Brown Returned Humphreys Money
Sen. Dan Brown returned the $250,000 contribution he received from David Humphreys the day after he withdrew from the state treasurer’s race.
He was not legally bound to do so, and several other politicians have retained donor contributions after scuttling their plans.
Be sure to check out the recent MOScout poll on the Republican statewide primaries. See it here. It shows LG Peter Kinder still in the lead of the gubernatorial field, but John Brunner starting to make a move. He’s recently started to buy some television time, and that may be having an impact. Eric Greitens who has been the strongest fundraiser remained in fourth place in the poll.
Consequences of the Paycheck Vote
Perhaps the most consequential vote in session came last Thursday when the Senate attempted to override the governor’s veto of “paycheck protection.”
They failed, and so there was no change in policy. Still I think there are some inescapable consequences from these labor battles.
First, it seems unlikely that Sen. Ryan Silvey will ascend to be chairman of the Senate Appropriations Committee in January. The current chairman, Sen. Kurt Schaefer, is termed. Not long ago Silvey was thought to be the obvious replacement. Silvey is currently vice-chair. And when he was a state representative, he was chairman of their equivalent committee, the House Budget Committee. In other words he’s probably most qualified for the role.
But Silvey has been a pro-labor legislator his entire career. And that’s not a popular position right now in the Senate Republican caucus. So while it’s not extraordinary that Silvey defected from Republicans to side with Democrats against the override, it won’t win him favors from Senate Pro Tem Ron Richard who will appoint the next Appropriations chair, and the guess among the lobbyists in the capitol hallways now is that Sen. Dan Brown will head that powerful committee next.
Second, the stakes for the few targeted Senate seats just went up.
Heavy GOP donor David Humphreys has been writing big checks, both to candidates and to his “Accountability Committee” with its focus being on labor and legal reform.
Many expect that Rep. Stephen Webber is the favorite to win Senate 19. Schaefer has been an Aye vote on paycheck and Webber would be a No. That puts them one vote farther away from the needed override votes.
This will put even more of a spotlight on Senate 23 where pro-labor Republican Rep. Anne Zerr is being challenged by a more conservative businessman, Bill Eigel. Humphreys gave Eigel $50K just a week ago. It gives you the sense that he won’t lack in resources when it comes to that race. But with labor behind Zerr, she won’t either.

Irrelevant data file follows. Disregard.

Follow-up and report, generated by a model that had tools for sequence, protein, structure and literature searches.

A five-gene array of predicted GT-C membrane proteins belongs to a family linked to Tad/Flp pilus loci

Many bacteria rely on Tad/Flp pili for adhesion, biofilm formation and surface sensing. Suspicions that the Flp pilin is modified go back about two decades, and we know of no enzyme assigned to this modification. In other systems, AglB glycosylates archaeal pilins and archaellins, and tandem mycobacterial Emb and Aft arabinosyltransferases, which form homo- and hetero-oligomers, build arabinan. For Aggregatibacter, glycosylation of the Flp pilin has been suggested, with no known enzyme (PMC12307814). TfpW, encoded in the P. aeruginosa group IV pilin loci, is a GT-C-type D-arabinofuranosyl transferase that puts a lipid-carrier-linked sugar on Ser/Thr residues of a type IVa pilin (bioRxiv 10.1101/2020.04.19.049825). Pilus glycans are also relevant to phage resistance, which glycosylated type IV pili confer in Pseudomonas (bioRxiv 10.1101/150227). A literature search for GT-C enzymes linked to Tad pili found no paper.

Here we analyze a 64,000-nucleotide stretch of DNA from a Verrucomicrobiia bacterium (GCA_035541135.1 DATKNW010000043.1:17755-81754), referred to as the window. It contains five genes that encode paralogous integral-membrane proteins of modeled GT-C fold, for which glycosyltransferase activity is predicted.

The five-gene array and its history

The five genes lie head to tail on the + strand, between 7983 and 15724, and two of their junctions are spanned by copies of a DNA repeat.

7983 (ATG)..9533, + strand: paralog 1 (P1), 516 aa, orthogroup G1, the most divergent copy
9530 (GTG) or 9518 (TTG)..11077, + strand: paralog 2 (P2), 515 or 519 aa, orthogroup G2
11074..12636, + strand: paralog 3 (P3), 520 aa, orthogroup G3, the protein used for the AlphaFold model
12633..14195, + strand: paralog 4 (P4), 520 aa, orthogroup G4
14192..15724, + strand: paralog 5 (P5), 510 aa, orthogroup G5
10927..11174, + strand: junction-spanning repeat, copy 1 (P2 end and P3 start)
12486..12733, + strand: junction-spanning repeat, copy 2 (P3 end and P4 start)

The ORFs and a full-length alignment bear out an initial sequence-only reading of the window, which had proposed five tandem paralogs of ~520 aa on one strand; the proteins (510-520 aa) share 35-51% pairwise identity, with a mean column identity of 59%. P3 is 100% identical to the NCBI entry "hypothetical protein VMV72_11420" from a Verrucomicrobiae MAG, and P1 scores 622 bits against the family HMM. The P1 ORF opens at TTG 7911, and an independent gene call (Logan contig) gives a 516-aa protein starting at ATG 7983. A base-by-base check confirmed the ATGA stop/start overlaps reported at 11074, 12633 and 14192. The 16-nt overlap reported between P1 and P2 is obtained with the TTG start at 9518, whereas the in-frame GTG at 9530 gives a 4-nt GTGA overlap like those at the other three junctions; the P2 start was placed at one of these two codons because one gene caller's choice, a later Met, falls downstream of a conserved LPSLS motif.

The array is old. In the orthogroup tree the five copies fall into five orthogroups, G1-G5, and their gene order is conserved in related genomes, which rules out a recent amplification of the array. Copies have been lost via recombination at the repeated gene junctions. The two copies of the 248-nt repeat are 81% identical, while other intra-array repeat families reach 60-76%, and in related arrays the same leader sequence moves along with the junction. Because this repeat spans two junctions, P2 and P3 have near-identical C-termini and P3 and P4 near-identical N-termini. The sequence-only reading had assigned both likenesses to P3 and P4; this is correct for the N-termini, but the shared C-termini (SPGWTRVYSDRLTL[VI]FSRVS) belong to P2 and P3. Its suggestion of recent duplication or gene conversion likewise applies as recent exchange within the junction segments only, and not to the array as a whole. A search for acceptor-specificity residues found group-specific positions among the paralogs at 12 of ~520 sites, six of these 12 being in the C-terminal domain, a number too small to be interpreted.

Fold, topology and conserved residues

Finally, there’s some frustrations among Republicans with the never-ending quest to win a couple more seats to add to their super-majority. The feeling is: why are we spending all of this money trying to win another legislative seat here or there and cobble together a veto-proof majority on labor issues, or legal issues, or education issues, when they continues to be pockets of Republicans on each issue who will not be with us? Let’s just win the governor’s mansion and be done with it all.
So despite the fact that Dem gubernatorial nominee Chris Koster has been raising money at a record pace, and the Republican candidates will have to spend their money to win a fiercely contested primary, there no doubt that big money will roll into his Republican opponent’s campaign account quickly and he will face a very well-funded opponent in November.
Republicans realize the governor’s race is where it’s at this cycle.
Missouri Right to Life Shakes Fist at Senate
While the House passed multiple pro-life bills, the Senate chose not to pass what the House sent over to them. HB 2069, a substantive bill ensuring that babies' bodies and body parts from abortion are not being sold for profit was never taken up for discussion. HB 2069 passed the House with a bi-partisan veto proof majority of a 120 votes. There is no reason for the Senate not to have sent HB 2069 to the Governor….
McCaskill on Working with a President Trump
From Politico – see it here – Even those Democrats who could entertain working with Trump sounded strong notes of skepticism: They think he’s got a bad habit of rewriting his policy platform on the fly from one day to the next. In the words of Sen. Claire McCaskill of Missouri, Trump’s policy portfolio seems “very schizophrenic.” “I don’t know if he’d send one piece of legislation over in the morning, and then send the exact opposite legislation that afternoon,” McCaskill said. “You go down every single issue, he is all over the place. So I have no idea. I don’t think he knows. It’s clear to me he’s kind of making this up as he goes along.”
I’ll do the always-popular legislative grades – tomorrow the Senate and Wednesday the House. Please send along your thoughts and input on this very important matter. Thanks – email@example.com
Salvatore Panettiere deleted Armstrong Teasdale LLP, Missourians for Local Asset Governance, Everytown for Gun Safety Action Fund, Fred Dreiling LLC, and Restart Inc.
Randy Scherr deleted American Board of Cosmetic Surgery Inc., McDonalds Corporation, Colin Bailey, and American Progressive Bag Alliance.
Irl Scissors added Armstrong Teasdale.
Citizens for Steve Stenger - $10,000 from Thompson Coburn LLP.
Koster for Missouri - $25,000 from Carey & Danis LLC.
Koster for Missouri - $10,000 from R Stribling Koster.
Happy birthday to Deanna Hemphill.